Inviting Inquiry 216

Inviting Inquiry


Recognizing that LEGO® Education solutions are used in different learning environments, we offer a range of considerations to support meaningful learning, inviting students to engage in inquiry and sense-making.

Hey there, LEGO Educators--
To expand a bit from our latest Webinar about LEGO Education Unit and Lesson Resources, we came up with some considerations to support your use of our resources or the development your own plans. In the spirit of inquiry, we framed those considerations as questions, which we encourage you to use with students, too!

Whether you teach early elementary, middle, or high school students, inquiry is an integral part of learning through play to promote student agency, intellectual curiosity, and academic independence. Each of our Unit and Lesson Plans begins with a question that you can use to frame the learning or that you and your students can modify to meet your learning goals.

Directed Inquiry

Guided Inquiry

Open Inquiry

--Is the question posed to students clearly understood but challenging to answer?

--Do the selected resources support the task?

--Is there an opportunity to personalize, iterate, or improve the outcome if student products are the same?

--Are investigative questions co-created with students?

--Are students encouraged to choose from a variety of resources?

--Is there variation among student products or solutions?

--Do students create their own questions to investigate or explore?

--Are students able to identify and select appropriate tools and resources?

--Are novel products or solutions encouraged and expected?

What? Purpose of the Build
Does the LEGO build have a specific learning intention that is clear to the students?

Scaffold Skills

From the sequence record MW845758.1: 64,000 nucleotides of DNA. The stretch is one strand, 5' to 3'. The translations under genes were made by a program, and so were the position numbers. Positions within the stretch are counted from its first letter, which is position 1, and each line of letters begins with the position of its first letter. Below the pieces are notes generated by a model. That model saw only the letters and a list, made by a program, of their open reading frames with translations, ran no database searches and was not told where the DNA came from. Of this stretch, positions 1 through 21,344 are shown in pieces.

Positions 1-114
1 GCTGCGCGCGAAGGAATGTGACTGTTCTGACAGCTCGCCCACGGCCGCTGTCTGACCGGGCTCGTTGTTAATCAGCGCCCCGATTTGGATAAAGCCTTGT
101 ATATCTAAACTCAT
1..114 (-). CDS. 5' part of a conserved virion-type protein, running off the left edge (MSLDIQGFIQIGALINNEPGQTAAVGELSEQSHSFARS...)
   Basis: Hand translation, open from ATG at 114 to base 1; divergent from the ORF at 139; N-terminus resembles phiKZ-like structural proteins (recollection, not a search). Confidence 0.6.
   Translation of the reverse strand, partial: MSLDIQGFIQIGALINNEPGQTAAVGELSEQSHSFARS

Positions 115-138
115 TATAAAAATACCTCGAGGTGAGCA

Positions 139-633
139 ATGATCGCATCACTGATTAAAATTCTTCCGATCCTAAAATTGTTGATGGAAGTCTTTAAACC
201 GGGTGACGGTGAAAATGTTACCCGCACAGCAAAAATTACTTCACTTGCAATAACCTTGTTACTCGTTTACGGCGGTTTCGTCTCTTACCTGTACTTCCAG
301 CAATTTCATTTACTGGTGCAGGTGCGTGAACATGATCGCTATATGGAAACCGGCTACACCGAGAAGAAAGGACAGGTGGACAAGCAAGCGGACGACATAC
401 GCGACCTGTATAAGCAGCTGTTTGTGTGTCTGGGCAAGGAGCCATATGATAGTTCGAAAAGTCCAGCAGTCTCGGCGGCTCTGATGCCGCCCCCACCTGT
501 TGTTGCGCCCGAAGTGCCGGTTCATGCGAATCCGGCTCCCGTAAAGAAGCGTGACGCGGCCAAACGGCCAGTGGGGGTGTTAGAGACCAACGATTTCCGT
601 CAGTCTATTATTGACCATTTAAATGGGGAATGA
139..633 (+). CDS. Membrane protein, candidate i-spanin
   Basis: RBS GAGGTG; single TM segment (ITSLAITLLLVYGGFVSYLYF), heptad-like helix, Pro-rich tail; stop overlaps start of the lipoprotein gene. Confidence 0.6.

• To introduce students to the function of elements?
  • To prepare them for a more advanced construction?

Express and Reflect

  • To support SEL competencies?
  • To facilitate personal reflection?
  • To convey symbolic meaning?

Model to Inform or Explain
  • To replicate or demonstrate an idea or process?

Model to Investigate and Analyze

  • To perform tests or trials?
  • To collect data?
  • To discover why something happens?

Propose a Solution

  • To create a novel product?
  • To improve an existing model?

So What? Opportunities for Sense-Making
How will the students demonstrate learning? Will students submit a written response? Have an informal conversation? Create a video explanation? Can these questions be used throughout the activity as formative assessment?


  • How was this built?
  • What does X do?


  • Did the build go as expected?
  • What changes could be made?
  • What would happen if...?

Collect and Analyze Data

  • What inferences can be made from the data?
  • How could X be tested?
  • What else could be measured?

Compare and Evaluate

  • What makes X more (Effective? Accurate? Faster? Stronger?)
  • How do you know?

Construct an Argument

  • What observations or data can be used to make a claim?

Now What? Iteration, Elaboration, and Application
How can the experience of the LEGO build extend student understanding?


  • How can the build be made (Bigger? Smaller? Faster? Stronger?)
  • Can a new model be built from the skills learned?


  • Can the build be deconstructed to show how it works? ​​​​
  • Can different builds perform the same function?
  • In what other ways can the build (or a specific mechanism/function within the build) be used?
  • What real-world problems/situations could be addressed by the build?
Blog LEGO® Education Tips and Tricks 10/11/2022 9:12pm EDT

Leave a Comment


This is absolutely a fantastic resource for planning and intentional and successful LEGO lessons! Thank you!

I like to have students focus on the directions or “prototype” to start and then begin to expand out on what they can add, change, take away to make the build better or more effective (especially with engineering builds). This is a great way to help those students who don't feel an instant creative spark.

What does inquiry and sense-making look like in your class? What are your favorite questions or strategies to get your students talking?

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